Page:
She said first-generation students are normally at higher risk of not making it to college in the fall after being accepted. She said schools have a unique opportunity to really support them by making “sure they’ve dotted their i’s and crossed their t’s bureaucratically and mak[ing] sure they feel set up and confident and connected to the college already.”
“This is an opportunity to not throw up our hands, but really innovate and spend the personal time to make some solutions happen, too.”
Davis said some students might be tempted to enroll in online-only universities, but she said they might not have the same resources and provide the same college experience as a traditional university. She said in this time, schools need to do everything they can to explain their value to students as they’re deciding where to attend.
Don’t assume students are putting college plans on hold
Davis says it’s a mistake to think first-generation college students will put off their college dreams.
“A lot of low-income families, especially in the city of Chicago, are worried about basic needs almost every day,’ Davis said. “[But] they still have deep aspirations for their children for the future and are still trying to make college work.”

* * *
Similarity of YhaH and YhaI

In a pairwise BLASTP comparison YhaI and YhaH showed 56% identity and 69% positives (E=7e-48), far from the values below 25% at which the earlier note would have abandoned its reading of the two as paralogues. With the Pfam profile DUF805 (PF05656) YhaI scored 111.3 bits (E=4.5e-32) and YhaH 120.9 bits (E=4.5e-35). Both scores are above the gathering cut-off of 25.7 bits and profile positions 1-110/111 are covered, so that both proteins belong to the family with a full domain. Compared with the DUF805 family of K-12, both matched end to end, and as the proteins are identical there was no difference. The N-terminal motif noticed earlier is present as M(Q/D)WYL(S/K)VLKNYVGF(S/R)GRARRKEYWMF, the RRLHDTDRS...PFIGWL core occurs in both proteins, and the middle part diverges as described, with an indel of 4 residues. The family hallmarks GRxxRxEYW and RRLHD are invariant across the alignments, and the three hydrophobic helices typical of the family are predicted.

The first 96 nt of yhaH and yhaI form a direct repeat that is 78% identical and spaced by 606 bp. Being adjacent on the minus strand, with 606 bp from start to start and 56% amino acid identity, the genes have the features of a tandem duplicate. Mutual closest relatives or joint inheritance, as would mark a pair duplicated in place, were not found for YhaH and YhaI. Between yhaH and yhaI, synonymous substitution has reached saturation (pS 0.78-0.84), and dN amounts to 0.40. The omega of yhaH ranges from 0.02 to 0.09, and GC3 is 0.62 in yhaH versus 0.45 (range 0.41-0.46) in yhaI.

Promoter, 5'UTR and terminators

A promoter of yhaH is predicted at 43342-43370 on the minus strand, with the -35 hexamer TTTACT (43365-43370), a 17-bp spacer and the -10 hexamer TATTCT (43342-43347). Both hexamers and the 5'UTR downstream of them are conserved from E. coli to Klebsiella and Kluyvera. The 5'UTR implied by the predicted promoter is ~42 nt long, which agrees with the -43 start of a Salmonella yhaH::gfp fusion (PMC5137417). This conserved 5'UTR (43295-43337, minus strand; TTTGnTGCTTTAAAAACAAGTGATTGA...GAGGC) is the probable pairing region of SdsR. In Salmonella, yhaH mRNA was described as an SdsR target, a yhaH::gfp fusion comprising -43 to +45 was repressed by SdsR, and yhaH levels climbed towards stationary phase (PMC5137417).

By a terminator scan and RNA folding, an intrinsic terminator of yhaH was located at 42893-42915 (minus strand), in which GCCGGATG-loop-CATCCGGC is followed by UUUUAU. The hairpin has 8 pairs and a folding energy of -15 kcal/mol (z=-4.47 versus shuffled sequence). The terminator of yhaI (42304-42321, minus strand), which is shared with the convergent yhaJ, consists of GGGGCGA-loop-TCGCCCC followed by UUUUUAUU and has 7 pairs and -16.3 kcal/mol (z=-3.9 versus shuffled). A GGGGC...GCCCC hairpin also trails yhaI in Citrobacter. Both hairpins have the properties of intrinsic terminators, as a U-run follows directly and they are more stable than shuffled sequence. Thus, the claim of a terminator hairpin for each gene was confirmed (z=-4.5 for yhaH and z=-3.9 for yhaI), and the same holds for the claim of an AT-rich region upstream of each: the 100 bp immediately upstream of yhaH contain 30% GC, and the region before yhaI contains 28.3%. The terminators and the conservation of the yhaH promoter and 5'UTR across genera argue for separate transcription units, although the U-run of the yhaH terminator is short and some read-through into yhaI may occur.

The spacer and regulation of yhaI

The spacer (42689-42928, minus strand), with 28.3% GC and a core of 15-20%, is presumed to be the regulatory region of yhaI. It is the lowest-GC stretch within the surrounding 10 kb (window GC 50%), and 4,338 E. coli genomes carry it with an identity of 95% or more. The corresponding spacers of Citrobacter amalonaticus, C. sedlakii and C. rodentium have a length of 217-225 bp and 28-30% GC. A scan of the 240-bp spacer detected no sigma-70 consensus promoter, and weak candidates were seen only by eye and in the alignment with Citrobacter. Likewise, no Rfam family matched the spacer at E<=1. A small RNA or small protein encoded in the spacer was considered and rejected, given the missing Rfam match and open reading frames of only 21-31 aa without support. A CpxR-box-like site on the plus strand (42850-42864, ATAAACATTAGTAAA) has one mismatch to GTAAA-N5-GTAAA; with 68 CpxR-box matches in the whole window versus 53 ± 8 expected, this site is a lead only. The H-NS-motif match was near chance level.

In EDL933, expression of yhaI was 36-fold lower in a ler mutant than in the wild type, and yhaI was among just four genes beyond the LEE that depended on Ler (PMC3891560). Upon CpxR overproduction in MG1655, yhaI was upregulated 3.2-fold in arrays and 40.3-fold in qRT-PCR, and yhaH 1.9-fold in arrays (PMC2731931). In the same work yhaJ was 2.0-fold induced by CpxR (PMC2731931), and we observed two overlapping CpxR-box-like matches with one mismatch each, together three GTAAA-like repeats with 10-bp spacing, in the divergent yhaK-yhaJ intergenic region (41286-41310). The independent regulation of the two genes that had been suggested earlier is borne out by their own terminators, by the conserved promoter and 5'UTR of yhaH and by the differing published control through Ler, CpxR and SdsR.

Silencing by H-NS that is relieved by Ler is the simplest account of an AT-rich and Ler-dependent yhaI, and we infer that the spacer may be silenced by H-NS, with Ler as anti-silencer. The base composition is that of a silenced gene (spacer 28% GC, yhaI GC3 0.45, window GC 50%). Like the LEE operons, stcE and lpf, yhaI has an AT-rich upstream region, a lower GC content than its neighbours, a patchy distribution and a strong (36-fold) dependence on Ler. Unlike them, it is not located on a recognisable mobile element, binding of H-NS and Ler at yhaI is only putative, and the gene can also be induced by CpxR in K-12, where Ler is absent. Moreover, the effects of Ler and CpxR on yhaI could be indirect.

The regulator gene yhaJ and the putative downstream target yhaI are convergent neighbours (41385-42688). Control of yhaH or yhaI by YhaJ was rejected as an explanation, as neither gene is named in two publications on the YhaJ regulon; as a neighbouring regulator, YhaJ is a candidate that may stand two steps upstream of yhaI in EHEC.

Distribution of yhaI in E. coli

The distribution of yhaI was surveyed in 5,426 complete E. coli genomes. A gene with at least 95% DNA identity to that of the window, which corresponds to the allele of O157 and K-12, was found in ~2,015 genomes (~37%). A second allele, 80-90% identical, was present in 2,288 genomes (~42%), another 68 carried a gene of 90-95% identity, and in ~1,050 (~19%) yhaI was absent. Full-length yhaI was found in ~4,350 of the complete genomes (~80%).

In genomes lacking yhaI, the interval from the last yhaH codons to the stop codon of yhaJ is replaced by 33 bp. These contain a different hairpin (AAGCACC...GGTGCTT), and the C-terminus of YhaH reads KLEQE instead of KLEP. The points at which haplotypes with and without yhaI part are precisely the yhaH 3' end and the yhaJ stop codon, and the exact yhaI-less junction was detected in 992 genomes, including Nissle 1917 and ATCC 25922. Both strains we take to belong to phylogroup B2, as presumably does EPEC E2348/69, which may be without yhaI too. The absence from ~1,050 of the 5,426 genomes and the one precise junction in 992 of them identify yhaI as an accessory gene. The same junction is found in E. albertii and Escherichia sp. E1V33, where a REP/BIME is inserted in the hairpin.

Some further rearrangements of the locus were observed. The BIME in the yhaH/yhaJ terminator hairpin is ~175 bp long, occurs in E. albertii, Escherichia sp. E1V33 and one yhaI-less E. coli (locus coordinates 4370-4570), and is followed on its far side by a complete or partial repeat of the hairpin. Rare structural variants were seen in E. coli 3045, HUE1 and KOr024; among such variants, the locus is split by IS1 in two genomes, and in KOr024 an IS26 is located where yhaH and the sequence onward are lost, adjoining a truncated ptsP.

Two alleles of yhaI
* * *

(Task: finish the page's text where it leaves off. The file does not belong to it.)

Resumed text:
Plus, economic recessions usually result in higher college enrollments.
“Increased uncertainty [in the past] actually pushed students to college because it’s a place they could get resources and … work on their future,” she said.
Senior Hassan Abdi doesn’t want this pandemic to derail the goals he’s set for himself. He wants to become a cardiothoracic surgeon one day.
“Even though tough times are happening, I’m still the same student,” he said. “I’ll just keep going with each day.”
But spending so much time with his family over the past few weeks has led him to lean toward attending U of I so he can remain close to his 12 siblings and be a role model as the first in the family to attend college.
Correction: This story has been updated to correct the spelling of Kameshia Ward’s first name.